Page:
“Manatees Dying in Droves on Both Coasts of Florida” — Deaths of pelicans, turtles, dolphins also increasing — “Scientists fear this is the beginning of a devastating ecosystem collapse”

Saturday, March 30, 2013
By Paul Martin

By ENENews
March 29th, 2013

Wired: Manatees Dying in Droves on Both Coasts of Florida [...] Large numbers of manatees are dying on both coasts of Florida [...] In the southwest, a persistent red tide in the Gulf of Mexico has killed nearly 200 manatees this year. [...] In the east, near Cape Canaveral on the Atlantic Ocean, manatees are also dying. But there the cause is unknown. “There are indications of the animals being otherwise completely healthy — but having died of shock and drowning,” said marine mammal biologist Ann Spellman, with the Florida Fish and Wildlife Conservation Commission, the state agency tasked with the investigation. [...]

Tampa Bay Times: Even as a Red Tide algae bloom is wiping out a record number of manatees in southwest Florida, a mysterious ailment is killing dozens more manatees on the state’s east coast. So far, state biologists have been unable to pinpoint the cause. [...] There is no Red Tide bloom on the east coast, and the winter has not been cold enough to kill manatees. [...] Last week they announced that, since the start of 2013, more than 100 brown pelicans have been found dead in that same area of Brevard County. [...] Officials said one of the manatees is a calf suffering from cold stress and had cold-water lesions all over its body. [...]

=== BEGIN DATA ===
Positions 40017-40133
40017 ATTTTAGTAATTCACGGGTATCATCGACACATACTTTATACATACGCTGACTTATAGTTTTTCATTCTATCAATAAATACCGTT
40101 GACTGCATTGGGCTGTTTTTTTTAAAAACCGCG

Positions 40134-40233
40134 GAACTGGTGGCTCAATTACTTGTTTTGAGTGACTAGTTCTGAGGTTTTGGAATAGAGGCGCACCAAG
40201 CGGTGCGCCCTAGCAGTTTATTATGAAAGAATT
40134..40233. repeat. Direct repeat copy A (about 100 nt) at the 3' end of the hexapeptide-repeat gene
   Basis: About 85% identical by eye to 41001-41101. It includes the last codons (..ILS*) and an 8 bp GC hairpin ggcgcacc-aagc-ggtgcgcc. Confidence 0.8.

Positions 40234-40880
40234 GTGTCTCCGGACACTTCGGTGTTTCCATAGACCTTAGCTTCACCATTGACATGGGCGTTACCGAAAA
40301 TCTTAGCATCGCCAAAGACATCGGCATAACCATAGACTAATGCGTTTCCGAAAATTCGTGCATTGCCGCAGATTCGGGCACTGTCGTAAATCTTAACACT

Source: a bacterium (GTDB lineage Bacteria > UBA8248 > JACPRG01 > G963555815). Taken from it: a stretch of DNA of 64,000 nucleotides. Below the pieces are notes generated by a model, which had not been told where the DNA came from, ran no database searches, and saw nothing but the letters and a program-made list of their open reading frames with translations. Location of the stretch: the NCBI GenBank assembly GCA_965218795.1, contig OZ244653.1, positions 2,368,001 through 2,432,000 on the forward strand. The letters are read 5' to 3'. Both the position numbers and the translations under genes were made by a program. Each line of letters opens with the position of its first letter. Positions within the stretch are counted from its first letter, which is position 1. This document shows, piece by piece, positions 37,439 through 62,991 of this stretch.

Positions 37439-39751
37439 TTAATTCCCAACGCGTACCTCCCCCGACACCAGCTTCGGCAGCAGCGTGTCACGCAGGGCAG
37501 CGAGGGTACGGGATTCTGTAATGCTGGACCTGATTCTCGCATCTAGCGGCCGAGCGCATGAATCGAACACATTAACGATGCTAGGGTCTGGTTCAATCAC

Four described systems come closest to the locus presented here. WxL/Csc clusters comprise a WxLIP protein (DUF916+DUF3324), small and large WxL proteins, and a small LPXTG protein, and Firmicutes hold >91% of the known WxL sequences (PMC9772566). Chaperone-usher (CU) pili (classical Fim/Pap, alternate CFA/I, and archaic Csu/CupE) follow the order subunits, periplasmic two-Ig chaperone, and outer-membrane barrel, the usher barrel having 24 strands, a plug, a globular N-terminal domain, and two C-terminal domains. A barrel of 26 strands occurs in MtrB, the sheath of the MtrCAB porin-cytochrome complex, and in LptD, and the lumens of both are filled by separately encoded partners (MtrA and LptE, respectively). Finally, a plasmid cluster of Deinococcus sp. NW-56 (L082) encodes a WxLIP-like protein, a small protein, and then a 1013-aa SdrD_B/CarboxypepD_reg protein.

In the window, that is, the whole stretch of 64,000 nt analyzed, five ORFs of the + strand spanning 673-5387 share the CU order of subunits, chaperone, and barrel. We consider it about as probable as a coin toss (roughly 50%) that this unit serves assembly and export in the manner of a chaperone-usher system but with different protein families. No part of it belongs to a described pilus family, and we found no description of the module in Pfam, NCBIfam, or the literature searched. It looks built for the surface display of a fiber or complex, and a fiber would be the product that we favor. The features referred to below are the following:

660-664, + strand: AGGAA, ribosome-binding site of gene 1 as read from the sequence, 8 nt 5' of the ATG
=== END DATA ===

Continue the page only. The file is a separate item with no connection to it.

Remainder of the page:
Environmental Protection: At the [156-mile long] Indian River Lagoon in Florida, several manatees and pelicans have been found dead, most likely due to the algae blooms that are quickly invading the area. With the deaths of these animals, scientists fear this is the beginning of a devastating ecosystem collapse. [...] Investigators believe that manatees are eating gracilaria, a red-colored alga, because of the seagrass shortage and because the dead manatees’ stomachs are full of it. Gracilaria isn’t known to be toxic, but scientists are trying to find whether some type of toxin is at work. [...] “Because of what’s going on with manatees, we’re on alert,” Megan Stolen, a scientist at Hubbs-SeaWorld Research Institute, said, according to Spear’s article, which said the institute documented five dolphin deaths in February, up from the month’s average of 2.3 deaths. [...]

The Rest…HERE

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